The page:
A french version of this article appeared in the print edition of L’Orient le Jour on December 9, 2011.
In a time of political upheaval in the Middle East, and changing world economic order, Lebanon needs to adapt both its foreign and economic policies. Lebanon should play the role of “middleman”, an equidistant and honest broker that connects different players with each other.
Lebanon’s foreign policy is presently unsustainable. With no articulated doctrine, the central government relies on ad-hoc tactical moves in conducting its foreign policy. Quick fix solutions in the current environment are inadequate and it is becoming more and more difficult to maintain balance between polarizing forces. A more mature and long-term approach would offer more leverage and opportunities
Lebanon needs a cohesive overall strategy. A strategy guided by the basic goals of internal stability, and economic growth. It has to be a proactive foreign policy that prevents rather than reacts to crises.
This is a different approach from Turkey’s “zero problems” policy and Qatar’s conflict mediator role. Rather than interjecting in conflicts in the Middle East and beyond, as both countries have done, I would suggest a more retracted role considering Lebanon’s more modest resources, a role of silent spectator, carefully managing shifting coalitions.
Lebanon needs a cohesive overall strategy. A strategy guided by the basic goals of internal stability, and economic growth.Georges Sassine
Lebanon should lead with a clear message upfront and declare neutrality as a first and fundamental principle. In the short term, focus should be on vital relationships for our future. By way of illustration, Lebanon should refrain from making a bet on outcomes in Syria and Iran and maintain vagueness and silence. Regarding Saudi Arabia’s unclear leadership succession the Lebanese government should actively maintain relationships with different Saudi stakeholders.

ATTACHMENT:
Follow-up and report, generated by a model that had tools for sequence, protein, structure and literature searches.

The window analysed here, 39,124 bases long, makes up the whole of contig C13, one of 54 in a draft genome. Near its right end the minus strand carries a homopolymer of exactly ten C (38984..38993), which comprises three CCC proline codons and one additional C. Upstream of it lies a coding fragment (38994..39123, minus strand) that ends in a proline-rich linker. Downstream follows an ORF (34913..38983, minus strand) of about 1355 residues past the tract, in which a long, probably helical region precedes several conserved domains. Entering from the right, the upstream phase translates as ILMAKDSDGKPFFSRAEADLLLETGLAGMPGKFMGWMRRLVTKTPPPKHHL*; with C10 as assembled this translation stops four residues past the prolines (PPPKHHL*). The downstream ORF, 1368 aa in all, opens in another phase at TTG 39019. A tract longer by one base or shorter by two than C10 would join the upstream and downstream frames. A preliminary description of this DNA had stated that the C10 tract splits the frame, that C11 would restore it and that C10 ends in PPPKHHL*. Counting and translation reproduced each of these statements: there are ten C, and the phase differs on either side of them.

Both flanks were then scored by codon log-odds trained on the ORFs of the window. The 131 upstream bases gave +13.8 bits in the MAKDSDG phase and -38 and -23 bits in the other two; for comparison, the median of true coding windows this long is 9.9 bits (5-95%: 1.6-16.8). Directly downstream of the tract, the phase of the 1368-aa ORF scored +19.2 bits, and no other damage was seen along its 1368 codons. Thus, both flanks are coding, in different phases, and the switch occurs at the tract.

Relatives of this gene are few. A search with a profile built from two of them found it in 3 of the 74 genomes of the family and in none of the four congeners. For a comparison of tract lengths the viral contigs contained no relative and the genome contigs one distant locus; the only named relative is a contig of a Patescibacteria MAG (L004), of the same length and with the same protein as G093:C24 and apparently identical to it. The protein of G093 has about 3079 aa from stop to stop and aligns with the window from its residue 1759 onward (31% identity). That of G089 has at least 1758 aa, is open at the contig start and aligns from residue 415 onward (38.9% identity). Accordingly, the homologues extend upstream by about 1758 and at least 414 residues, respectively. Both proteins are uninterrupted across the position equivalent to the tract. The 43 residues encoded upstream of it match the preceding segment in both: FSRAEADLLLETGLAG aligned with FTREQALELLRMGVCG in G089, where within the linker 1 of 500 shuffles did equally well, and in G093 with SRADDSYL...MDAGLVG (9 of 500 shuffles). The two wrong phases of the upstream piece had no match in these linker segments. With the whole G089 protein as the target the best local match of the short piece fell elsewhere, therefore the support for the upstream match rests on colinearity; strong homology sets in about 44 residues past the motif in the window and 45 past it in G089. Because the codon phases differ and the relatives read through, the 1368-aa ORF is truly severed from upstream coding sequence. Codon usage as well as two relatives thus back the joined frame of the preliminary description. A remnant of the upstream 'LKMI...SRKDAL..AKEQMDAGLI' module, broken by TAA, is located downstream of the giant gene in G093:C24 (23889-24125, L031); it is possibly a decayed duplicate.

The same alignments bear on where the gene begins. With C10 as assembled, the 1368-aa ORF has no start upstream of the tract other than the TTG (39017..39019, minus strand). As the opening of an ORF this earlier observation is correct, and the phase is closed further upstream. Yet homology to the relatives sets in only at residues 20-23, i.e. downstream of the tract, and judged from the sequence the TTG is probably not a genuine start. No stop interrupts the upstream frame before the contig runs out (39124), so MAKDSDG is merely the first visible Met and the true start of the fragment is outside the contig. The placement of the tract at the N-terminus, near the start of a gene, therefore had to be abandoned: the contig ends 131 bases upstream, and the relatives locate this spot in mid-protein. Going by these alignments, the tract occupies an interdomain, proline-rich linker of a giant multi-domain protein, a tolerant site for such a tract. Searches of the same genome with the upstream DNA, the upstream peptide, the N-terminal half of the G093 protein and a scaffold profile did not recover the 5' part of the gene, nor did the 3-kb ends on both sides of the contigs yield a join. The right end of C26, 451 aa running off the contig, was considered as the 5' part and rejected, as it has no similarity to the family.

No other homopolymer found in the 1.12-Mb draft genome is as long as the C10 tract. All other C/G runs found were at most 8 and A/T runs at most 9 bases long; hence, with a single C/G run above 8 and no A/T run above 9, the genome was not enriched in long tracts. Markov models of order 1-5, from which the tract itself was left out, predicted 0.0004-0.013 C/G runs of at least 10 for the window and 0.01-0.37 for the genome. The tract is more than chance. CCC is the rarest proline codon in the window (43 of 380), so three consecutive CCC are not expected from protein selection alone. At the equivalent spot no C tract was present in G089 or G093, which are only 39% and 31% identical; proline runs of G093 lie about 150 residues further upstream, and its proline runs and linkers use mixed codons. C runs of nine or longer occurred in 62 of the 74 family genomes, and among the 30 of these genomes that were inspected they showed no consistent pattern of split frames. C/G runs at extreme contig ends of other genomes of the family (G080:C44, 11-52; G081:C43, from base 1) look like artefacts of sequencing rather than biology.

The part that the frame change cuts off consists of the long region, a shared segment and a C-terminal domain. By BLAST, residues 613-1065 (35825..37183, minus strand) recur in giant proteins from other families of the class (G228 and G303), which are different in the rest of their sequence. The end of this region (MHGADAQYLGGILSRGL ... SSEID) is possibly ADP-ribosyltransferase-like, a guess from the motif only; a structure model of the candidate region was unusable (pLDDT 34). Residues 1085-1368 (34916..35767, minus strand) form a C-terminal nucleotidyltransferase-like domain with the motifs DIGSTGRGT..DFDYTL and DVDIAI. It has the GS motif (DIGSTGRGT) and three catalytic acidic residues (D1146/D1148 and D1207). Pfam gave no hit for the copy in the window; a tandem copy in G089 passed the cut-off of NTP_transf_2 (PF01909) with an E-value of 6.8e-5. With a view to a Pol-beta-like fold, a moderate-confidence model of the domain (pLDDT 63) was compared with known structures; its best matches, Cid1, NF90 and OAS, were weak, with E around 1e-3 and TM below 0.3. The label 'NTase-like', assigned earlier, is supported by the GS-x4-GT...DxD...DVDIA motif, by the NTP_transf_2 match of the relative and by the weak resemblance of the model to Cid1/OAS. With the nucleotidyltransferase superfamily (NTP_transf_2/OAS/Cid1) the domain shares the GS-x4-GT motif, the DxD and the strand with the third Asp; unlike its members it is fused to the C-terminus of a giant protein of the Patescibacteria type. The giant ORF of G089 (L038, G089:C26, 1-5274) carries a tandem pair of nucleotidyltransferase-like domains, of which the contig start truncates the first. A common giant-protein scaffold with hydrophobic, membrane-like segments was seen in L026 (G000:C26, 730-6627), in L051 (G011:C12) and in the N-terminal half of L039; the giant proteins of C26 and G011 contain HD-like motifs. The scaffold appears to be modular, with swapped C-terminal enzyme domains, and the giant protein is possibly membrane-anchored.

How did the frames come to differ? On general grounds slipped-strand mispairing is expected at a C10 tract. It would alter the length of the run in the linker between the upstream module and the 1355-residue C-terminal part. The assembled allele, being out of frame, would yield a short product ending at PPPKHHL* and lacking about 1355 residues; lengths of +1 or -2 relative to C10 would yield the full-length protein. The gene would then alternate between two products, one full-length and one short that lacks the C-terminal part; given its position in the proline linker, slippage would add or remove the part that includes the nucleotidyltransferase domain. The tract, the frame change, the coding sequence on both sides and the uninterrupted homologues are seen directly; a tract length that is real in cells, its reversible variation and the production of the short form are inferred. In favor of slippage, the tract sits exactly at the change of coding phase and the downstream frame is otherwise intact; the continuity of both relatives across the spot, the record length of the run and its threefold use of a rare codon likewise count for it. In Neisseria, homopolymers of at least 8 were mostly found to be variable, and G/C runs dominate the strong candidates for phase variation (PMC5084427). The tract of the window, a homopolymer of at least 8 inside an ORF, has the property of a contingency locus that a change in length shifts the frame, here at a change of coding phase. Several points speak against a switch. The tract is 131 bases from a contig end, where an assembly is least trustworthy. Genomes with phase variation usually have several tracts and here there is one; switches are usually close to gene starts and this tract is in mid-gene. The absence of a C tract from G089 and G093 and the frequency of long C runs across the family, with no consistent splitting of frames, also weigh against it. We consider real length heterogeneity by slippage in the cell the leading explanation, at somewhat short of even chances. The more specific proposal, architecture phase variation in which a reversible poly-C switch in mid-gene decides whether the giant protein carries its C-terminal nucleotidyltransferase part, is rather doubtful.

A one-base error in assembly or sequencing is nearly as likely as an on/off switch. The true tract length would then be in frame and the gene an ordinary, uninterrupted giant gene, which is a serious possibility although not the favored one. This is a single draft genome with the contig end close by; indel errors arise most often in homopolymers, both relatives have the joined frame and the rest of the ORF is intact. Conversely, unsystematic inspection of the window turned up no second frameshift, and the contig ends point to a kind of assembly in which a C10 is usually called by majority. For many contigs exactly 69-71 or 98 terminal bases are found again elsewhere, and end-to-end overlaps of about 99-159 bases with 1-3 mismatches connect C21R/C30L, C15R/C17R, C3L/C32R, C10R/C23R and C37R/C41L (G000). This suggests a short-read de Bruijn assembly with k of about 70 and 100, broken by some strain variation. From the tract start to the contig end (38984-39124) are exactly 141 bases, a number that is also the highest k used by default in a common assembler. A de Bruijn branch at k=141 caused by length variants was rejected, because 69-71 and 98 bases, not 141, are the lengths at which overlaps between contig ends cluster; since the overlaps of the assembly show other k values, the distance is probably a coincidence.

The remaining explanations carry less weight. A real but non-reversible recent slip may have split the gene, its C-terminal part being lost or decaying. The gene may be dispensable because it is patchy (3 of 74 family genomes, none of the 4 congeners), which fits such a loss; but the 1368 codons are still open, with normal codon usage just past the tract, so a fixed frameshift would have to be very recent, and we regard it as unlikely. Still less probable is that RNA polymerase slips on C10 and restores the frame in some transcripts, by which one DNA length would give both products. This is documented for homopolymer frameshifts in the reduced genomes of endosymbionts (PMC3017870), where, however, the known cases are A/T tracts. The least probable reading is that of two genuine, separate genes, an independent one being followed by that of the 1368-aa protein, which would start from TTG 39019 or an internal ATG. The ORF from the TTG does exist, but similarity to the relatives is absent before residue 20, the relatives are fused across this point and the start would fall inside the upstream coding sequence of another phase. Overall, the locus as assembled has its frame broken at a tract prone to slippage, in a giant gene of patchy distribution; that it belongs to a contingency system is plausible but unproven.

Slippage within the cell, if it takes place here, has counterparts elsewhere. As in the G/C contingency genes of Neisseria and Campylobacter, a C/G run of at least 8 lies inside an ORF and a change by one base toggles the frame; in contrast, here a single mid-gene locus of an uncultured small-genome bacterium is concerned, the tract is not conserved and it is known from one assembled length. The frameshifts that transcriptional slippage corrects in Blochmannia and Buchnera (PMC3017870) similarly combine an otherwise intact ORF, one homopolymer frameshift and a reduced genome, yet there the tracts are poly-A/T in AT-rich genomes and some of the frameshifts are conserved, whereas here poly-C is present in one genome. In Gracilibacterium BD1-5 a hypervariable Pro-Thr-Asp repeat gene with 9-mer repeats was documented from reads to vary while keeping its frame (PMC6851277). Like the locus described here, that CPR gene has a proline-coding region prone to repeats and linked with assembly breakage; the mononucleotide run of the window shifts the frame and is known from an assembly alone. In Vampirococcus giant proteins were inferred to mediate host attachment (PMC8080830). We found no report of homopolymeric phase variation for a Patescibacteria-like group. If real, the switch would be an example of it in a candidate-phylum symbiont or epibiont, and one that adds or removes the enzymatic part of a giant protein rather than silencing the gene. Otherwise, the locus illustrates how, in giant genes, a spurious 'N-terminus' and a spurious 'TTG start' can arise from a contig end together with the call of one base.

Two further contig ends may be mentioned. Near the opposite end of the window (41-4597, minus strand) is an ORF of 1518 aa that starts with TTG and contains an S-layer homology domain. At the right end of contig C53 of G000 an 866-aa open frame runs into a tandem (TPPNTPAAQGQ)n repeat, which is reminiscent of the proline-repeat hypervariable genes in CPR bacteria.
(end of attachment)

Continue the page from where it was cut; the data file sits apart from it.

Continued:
I am suggesting a foreign policy that is consistently carried through. A strategy that employs neutrality as its leading instrument until a clearer future emerges. The risks are too high, and Lebanon will be better off with a pragmatic foreign policy instead of no policy at all.
On the economic front, Lebanon performed remarkably well facing the 2008 global financial crisis, but the risks to Lebanon’s economy lie in long-term changes. As the global economy moves towards greater integration and trade, how will Lebanon win in a more globalized world?
The answer is not in competing head to head with leading economies, but in finding unique opportunities to benefit from the rise of emerging markets.
Commerce corridors are shifting to South-South trade … The new opportunity for Lebanon will be in linking Brazil and China, as well as India and Russia.Georges Sassine
Lebanese businessmen benefited from playing the role of middlemen for decades. Their focus has been on the old economic order as intermediaries between the United States, Europe, and the Middle East. As a multipolar world emerges future opportunities will differ. Commerce corridors are shifting away from North-North and North-South trade, to South-South trade. China, India, and Brazil are trading more with each other as demand from advanced economies is slumping. The new opportunity for Lebanon will be in linking Brazil and China, linking India and Russia, and maybe several developing countries at once.
Take for example, Alibaba.com, an online aggregator where buyers and sellers trade wholesale merchandise. Alibaba connects 42 million users across 240 countries and is a success because it is the most efficient way to trade across borders and link so many people and countries. Similarly, Lebanese middlemen should explore new ventures to profit from globalization trends. The Lebanese government needs to adapt its economic strategy to the changing economic landscape and encourage Lebanese businesses to reap the benefits.
A new reinvigorated vision should prioritize five key initiatives: promote private sector participation and entrepreneurial ventures; remove barriers to doing business; refocus the education system on required skillsets; increase infrastructure investments; and incentivize business with foreign countries.
To achieve stability and long-term growth, Lebanon needs to articulate a clear vision and strategy that harnesses the country’s existing capabilities. It’s a matter of vision, courage and absolute determination.
Georges Pierre Sassine is a public policy expert and Harvard University alumnus. He wrote this commentary for L’Orient Le Jour.
A french version of this article appeared in the print edition of L’Orient le Jour on December 9, 2011. Original title: “Une nouvelle politique économique pour faire face à l’incertitude”
(L’Orient Le Jour: http://www.lorientlejour.com/)